Optimistic about Iraq
To the editor:
Maybe it's just me, but there seems to be an amazing degree of pessimism about the future of Iraq. Perhaps we should focus on what the vast majority of ordinary Iraqis have already used as indicators.
Most of the complaints from ordinary Iraqis at first were about food and disrupted water and electric supplies, not politics. Now, as in Afghanistan, armed gangs are making their bids for turf and power. It is a dangerous situation, but in terms of total lethality, not any worse than the toll violence in major American cities takes each year.
Of course, Iraq is not in the United States, but that is exactly the point. If, with all our considerable resources, we can hardly put a dent in gang violence in even one American city, Los Angeles (800 gang related deaths in 1995), why would we expect to completely and quickly pacify a country the size of the entire state of California?
California is a great state but, like all the other states, it is not perfect. There seems to be an ongoing, but useless, argument about American perfection in the matter of invading Iraq in the first place. Some say that America is a great country and should have trusted its best information available at the time and exercised its judgment to invade before it was too late.
Others say America is not a perfect country and should have gotten even more information and even more support before going in too early. The argument is useless because the deed is done. The decision left us is to finish what we started or to abandon the Iraqi people to the whims of the terrorists.
Afghanistan should have taught us something about the consequences of ignoring the whims of terrorists for too long. The Taliban took the part of their people they didn't like to sports stadiums donated for the use of all their people and executed them in horrible public displays. We did not go there because they did that, but because terrorists they supported came here on 9/11 and made horrible displays of their own on American soil.
We went to Afghanistan too late for too many victims, domestic and foreign. Perhaps we did go into Iraq too early but, since we are there, we should take a good look at the whims of the terrorists in Iraq.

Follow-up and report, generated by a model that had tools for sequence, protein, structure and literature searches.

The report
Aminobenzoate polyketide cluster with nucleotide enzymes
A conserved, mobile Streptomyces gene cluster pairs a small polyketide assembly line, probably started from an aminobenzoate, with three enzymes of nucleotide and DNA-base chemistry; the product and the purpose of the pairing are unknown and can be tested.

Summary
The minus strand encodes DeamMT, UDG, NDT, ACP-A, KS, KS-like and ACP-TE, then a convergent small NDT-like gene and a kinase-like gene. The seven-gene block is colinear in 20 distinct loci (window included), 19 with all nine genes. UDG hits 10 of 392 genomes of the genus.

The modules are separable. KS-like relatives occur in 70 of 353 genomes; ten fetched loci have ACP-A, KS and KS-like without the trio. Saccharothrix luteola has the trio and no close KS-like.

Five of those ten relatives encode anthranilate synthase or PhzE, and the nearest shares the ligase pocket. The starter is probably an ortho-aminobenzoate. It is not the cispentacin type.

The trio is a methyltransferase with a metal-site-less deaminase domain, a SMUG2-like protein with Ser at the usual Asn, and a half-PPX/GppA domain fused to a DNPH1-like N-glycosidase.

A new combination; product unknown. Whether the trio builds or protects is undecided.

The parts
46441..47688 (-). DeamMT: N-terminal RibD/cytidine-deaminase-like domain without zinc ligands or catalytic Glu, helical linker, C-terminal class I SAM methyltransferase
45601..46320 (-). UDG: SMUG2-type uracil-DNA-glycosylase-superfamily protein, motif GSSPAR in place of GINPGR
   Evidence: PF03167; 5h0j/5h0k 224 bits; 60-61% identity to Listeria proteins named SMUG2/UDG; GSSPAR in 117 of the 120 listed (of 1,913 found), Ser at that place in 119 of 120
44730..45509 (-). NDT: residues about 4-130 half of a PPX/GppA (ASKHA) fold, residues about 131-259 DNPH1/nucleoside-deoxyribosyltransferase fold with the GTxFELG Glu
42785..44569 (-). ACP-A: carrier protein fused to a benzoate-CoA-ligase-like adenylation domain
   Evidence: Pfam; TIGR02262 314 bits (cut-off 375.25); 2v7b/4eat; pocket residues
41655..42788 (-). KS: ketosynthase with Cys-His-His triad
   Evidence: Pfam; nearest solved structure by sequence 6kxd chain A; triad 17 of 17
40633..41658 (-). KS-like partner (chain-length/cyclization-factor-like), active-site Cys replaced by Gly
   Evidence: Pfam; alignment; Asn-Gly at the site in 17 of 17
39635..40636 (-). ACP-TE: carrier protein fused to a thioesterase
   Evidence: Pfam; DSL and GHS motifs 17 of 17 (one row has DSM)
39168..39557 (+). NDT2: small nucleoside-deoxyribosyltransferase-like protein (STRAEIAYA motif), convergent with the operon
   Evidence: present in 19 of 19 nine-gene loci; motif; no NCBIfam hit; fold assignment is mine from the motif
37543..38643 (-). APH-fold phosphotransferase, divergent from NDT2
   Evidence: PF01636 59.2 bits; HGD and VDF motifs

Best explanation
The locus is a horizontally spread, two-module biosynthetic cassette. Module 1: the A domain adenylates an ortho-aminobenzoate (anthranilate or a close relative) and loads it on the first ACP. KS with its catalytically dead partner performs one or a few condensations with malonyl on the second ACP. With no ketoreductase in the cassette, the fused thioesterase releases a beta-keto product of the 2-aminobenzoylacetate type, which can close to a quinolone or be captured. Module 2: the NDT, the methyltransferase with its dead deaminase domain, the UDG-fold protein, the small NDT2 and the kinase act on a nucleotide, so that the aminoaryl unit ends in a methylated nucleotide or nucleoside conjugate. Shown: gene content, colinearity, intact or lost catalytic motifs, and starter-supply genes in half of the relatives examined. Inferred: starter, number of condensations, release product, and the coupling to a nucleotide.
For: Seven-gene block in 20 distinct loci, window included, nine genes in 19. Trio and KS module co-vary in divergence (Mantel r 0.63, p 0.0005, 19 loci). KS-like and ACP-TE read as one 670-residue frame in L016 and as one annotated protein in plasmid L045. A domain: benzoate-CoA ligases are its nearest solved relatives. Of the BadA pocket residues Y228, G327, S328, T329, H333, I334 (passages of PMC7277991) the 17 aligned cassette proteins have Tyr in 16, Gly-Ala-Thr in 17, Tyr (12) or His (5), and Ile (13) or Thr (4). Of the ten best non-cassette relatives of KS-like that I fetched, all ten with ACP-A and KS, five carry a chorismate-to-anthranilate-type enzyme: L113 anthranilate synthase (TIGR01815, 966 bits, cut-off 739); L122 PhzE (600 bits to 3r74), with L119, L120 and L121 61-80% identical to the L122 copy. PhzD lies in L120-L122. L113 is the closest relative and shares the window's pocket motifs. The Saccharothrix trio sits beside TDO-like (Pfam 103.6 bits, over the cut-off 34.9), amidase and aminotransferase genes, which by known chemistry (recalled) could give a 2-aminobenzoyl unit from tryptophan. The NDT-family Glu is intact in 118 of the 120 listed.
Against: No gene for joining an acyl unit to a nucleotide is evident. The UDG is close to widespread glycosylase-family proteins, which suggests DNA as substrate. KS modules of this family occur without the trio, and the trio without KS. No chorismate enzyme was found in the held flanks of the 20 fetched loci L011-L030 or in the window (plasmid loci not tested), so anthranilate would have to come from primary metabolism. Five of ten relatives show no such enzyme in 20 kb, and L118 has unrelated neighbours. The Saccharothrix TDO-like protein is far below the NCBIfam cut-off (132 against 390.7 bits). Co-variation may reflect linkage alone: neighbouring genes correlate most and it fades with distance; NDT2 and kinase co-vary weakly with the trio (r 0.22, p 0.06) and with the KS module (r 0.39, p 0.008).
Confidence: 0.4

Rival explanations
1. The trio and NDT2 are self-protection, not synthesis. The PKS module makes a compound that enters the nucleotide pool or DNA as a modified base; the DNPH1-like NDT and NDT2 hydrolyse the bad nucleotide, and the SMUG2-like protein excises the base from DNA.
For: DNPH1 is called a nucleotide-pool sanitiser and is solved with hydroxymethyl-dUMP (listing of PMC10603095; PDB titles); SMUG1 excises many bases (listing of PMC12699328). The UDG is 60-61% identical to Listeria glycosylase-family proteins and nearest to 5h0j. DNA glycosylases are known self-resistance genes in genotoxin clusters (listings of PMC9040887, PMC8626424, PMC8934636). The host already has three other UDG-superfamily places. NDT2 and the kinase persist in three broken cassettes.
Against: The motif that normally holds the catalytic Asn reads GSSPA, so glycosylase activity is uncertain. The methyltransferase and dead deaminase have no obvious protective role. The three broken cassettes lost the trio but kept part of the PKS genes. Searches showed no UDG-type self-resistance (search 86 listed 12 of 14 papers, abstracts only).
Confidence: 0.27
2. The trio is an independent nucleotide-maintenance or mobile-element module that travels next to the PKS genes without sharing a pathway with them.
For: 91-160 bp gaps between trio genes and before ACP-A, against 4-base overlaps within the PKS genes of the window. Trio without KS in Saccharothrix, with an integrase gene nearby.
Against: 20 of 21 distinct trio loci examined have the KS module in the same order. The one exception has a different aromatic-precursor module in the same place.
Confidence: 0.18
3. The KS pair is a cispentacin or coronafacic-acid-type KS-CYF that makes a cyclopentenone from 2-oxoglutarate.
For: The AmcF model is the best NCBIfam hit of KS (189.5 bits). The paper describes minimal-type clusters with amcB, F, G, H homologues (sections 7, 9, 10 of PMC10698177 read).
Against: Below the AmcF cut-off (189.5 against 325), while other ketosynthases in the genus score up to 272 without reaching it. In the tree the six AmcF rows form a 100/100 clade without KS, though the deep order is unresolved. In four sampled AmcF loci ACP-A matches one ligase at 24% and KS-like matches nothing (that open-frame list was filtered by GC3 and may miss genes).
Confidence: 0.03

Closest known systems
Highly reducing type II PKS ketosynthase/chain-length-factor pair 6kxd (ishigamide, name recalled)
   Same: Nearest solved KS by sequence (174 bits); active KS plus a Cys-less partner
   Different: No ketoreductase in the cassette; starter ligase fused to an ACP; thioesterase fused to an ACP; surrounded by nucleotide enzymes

Terrorists have bombed the U.N. headquarters in Iraq, killing workers dedicated to helping the Iraqi people. Recently, terrorists have deliberately targeted the Red Cross in Iraq and killed humanitarian workers.
I am optimistic that the America pursuit of terrorists in Iraq will give the Iraqi people the life the terrorists threaten, the liberty the terrorists try to deny, and the opportunity to pursue the happiness the Iraqi people deserve.
Do we really need Mail Call?
To the editor:
I read The Herald-Mail on a daily basis. Usually, I get decent tri-state news. I have to comment though, on the section called Mail Call. I'm wondering if this section is really a positive addition to Hagerstown's newspaper.
One of the impressions I get from The Herald-Mail is that Hagerstown is trying to clean up its image, attract new business and improve the downtown business area. I totally agree that all of these things are needed in Hagerstown.
There is evidence all over Hagerstown that it was once a thriving and prosperous area that has gone to seed. It could be wonderful again with a change of attitude and some positive energy.
Mail Call seems to portray the very worst in human expression. The comments are often caustic and petty. Complaints about who can use the Food Bank? Complaints about "undesirables" sitting on park benches downtown? Ill-formed political opinions, religious rants, parents angry about having to purchase school t-shirts? The average Mail Call respondent portrays the people of Hagerstown in such a negative manner. Mail Call is the "Jerry Springer" of Hagerstown. It perpetuates the ignorant redneck reputation that has been prevalent for years in this area.